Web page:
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Trial starts in negligence case against Lowe’s Home Centers

Kelly Hendrickson was shopping for palm trees at a Lowe’s home improvement store in July 2013 when the Las Vegas woman slipped on a wet concrete floor and hit her head.

Hendrickson later sued Lowe’s Home Centers for negligence, and her lawyers plan to seek hefty punitive damages in the case, which went to trial this week. They said about 30 other people were injured after falling in Lowe’s garden centers in Clark County during the previous five years, but the company did nothing to correct the hazard.

“If this was an isolated fall, we would not be here suing Lowe’s,” attorney Sam Harding told a jury Wednesday.

Harding represents Hendrickson and her husband, Scott, in the case. Attorney Al Lasso, who also represents the couple, said Lowe’s Home Centers net $3.6 billion a year, so the couple’s lawyers plan to ask for an amount of punitive damages “that will get their attention.”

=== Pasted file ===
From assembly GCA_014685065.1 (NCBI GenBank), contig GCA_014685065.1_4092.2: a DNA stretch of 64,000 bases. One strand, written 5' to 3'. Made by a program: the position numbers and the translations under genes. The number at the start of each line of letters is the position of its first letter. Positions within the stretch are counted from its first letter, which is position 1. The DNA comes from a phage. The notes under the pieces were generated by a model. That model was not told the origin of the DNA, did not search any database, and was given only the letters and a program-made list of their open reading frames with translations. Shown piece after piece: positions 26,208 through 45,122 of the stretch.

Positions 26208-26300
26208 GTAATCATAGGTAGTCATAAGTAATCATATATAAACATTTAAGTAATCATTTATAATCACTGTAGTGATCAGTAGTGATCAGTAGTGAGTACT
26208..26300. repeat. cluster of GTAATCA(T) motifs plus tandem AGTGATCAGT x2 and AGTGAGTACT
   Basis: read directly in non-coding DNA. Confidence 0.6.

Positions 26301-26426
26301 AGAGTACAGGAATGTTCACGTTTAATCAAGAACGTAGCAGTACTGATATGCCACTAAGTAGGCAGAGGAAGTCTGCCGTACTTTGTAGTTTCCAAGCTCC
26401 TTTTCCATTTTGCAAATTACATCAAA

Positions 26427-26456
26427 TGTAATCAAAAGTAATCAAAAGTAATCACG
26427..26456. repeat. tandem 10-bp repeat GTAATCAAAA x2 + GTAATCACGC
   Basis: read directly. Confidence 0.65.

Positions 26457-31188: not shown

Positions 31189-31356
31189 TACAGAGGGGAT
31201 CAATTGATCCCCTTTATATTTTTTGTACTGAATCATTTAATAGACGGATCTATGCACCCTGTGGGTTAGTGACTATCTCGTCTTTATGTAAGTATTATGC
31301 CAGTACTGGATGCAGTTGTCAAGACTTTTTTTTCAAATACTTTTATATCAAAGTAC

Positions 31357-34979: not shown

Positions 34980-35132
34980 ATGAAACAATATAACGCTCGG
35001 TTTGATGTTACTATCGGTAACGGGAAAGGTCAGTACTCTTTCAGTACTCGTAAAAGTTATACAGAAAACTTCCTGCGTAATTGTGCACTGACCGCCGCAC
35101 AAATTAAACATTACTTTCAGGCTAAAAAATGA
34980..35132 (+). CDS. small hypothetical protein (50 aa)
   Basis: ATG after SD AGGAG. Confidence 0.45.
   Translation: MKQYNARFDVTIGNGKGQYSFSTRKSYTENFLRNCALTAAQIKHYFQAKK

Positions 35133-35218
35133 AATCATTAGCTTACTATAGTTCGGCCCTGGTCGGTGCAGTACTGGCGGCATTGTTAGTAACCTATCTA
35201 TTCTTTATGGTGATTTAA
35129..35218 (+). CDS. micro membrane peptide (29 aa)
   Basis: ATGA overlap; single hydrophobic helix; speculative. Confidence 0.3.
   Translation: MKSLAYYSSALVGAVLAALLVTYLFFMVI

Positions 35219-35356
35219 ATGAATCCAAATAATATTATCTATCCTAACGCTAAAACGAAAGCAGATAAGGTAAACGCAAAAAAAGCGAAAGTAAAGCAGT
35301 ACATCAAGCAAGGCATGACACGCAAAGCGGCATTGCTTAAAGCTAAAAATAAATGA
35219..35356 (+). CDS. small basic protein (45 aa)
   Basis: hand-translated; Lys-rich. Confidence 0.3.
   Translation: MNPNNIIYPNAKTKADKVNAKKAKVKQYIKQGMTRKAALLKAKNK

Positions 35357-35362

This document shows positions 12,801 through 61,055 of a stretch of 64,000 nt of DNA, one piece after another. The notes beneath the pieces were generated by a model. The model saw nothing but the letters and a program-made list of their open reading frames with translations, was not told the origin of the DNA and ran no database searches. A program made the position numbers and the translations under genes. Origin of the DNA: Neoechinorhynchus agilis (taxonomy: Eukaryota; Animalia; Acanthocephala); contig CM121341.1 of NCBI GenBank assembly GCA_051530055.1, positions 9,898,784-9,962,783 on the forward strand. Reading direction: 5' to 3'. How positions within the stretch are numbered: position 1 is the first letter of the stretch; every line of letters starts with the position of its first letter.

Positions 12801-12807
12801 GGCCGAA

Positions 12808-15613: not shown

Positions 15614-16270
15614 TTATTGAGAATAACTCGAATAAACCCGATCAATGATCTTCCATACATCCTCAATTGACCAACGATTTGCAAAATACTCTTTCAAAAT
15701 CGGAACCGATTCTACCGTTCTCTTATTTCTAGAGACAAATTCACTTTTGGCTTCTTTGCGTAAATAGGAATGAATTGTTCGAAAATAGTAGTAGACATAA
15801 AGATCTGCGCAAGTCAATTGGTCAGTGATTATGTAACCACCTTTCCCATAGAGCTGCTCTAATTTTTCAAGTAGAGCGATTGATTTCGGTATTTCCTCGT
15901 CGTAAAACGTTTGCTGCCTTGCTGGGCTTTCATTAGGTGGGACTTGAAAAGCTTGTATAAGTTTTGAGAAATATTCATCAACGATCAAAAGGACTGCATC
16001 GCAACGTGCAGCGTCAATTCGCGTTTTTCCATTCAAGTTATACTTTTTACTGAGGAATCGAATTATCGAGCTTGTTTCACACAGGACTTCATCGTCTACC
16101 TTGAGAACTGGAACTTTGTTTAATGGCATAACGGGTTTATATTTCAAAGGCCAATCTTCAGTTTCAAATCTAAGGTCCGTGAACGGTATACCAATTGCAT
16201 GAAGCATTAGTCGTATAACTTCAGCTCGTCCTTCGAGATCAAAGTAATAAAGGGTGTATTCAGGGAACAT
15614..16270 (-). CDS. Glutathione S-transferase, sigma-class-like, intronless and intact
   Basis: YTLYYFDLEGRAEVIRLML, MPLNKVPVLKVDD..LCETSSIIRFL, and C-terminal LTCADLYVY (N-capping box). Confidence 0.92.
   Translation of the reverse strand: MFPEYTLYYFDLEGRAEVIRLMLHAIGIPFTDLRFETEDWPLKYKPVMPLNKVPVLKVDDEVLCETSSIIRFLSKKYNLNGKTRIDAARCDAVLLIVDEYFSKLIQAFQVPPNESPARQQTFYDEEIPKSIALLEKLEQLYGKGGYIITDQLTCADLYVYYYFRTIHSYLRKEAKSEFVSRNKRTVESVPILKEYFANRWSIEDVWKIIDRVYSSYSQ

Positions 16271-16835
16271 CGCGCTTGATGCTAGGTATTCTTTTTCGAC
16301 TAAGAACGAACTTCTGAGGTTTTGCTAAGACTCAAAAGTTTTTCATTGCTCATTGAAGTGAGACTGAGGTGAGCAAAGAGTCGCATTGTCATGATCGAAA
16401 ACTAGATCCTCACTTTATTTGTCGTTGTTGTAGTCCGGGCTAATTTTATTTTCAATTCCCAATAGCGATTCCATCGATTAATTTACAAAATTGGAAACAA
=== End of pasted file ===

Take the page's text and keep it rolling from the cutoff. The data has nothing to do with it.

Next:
“That amount will most likely be in the nine figures,” Lasso told the Las Vegas Review-Journal.

But first, the lawyers must convince jurors that the company’s negligence caused Kelly Hendrickson’s injuries. Harding said the 38-year-old mother of three fractured her skull and suffered a brain injury that caused her to lose her senses of smell and taste forever.

Attorney Esther Holm, who represents Lowe’s, said the other falls occurred at 13 different stores in Clark County. She said only three during that five-year period occurred at the Lowe’s at 5050 S. Fort Apache Road, where Kelly Hendrickson fell.

Holm said evidence will show that the company “has an excellent safety record.”

“The odds are one in a million of a slip and fall in a Lowe’s garden center in a year,” she told jurors.

The lawyer said Lowe’s had placed a 4-foot-tall caution cone in the area to warn customers about the water on the floor.

“She actually fell on top of the caution cone,” Holm said. “She actually knocked it over herself.”

The lawyer told jurors the company’s conduct in the case was “very reasonable,” and Kelly Hendrickson had an obligation to look where she was going.

Harding said Lowe’s had about 30 cameras recording activity in and around the store where Kelly Hendrickson fell but failed to preserve any of the videos. Holm said none of the cameras captured the fall itself.

District Judge Ron Israel is presiding over the trial, which is expected to last through next week.

Contact Carri Geer Thevenot at cgeer@reviewjournal.com or 702-384-8710. Find @CarriGeer on Twitter.

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